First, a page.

U of G Researchers Among Canada’s Most Influential ‘Food Thinkers’


Two University of Guelph researchers are among Canada’s most influential “food thinkers,” according to the Globe and Mail.


Evan Fraser

Geography professor Evan Fraser and adjunct history professor Ian Mosby are among “The Food 53,” a list of the most influential people in Canadian food, including chefs, CEOs, farmers, restaurateurs, consumers and academics.

The national newspaper compiled the list and is highlighting all 53 people in a five-part series. Fraser and Mosby appear in the fourth installment this week among “food thinkers.”

Fraser is director of the U of G Food Institute. He joined U of G in 2010 as a geography professor and holder of the Canada Research Chair in Global Human Security.

His feedingninebillion.com website and the Food Institute are intended to spark discussion on ways to ensure the world’s growing population has enough food.

In the Globe and Mail story, Fraser discussed the importance of managing the world’s food supply and reducing food waste.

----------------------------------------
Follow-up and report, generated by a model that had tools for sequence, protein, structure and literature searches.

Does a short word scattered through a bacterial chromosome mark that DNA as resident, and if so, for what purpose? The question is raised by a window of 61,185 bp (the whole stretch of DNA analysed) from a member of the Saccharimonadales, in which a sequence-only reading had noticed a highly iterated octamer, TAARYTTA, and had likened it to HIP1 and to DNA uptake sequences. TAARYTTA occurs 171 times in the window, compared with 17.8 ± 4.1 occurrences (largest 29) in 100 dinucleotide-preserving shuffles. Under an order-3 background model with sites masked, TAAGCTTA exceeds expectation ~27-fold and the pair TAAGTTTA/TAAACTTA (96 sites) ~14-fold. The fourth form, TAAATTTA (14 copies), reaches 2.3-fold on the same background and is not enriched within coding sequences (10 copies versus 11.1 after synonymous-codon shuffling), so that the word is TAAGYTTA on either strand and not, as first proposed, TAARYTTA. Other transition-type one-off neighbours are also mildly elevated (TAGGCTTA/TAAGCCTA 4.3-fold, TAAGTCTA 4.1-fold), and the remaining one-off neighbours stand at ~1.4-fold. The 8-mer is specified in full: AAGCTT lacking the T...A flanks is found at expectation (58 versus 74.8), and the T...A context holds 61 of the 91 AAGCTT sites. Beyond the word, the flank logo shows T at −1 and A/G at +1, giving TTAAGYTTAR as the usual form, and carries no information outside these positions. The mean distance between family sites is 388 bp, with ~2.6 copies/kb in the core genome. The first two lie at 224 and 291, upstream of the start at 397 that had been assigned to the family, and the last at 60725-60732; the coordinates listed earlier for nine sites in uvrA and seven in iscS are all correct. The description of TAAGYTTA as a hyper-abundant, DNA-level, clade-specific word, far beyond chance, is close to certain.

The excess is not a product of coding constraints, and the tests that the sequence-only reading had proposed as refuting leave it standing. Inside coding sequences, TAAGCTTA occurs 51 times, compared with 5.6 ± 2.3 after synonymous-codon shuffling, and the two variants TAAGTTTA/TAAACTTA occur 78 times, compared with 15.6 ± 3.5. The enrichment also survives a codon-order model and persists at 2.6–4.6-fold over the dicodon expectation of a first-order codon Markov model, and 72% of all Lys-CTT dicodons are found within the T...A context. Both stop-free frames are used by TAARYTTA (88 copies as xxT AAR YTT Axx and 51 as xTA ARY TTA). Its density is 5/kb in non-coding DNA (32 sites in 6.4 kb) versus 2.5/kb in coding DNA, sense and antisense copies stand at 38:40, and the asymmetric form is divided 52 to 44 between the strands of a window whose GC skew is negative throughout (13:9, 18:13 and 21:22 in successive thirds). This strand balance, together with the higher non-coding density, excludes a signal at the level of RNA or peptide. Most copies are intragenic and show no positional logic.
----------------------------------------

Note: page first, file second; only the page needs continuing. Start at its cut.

He said less food waste, more consumption of fruits and vegetables, and better food distribution could allow us to feed more than 10 billion people without increasing production.

Fraser studies the social and environmental consequences of food price volatility and ways to reduce waste in global food systems. He uses his connections to Canadian businesses and organizations to inform public policy.

Ian MOsby

Ian Mosby

Mosby, a food historian who was a post-doctoral researcher at U of G from 2011 to 2013, uses history to help understand the politics of food.

While researching the development of health policy, Mosby uncovered evidence that showed aboriginal children and adults were used in nutritional experiments by Canadian government bureaucrats between 1942 and 1952. His research garnered national headlines in 2013 and prompted calls for action.

Mosby has studied the history of Canada’s Food Guide and aboriginal food culture, and is now researching long-term effects of hunger and malnutrition on aboriginal communities.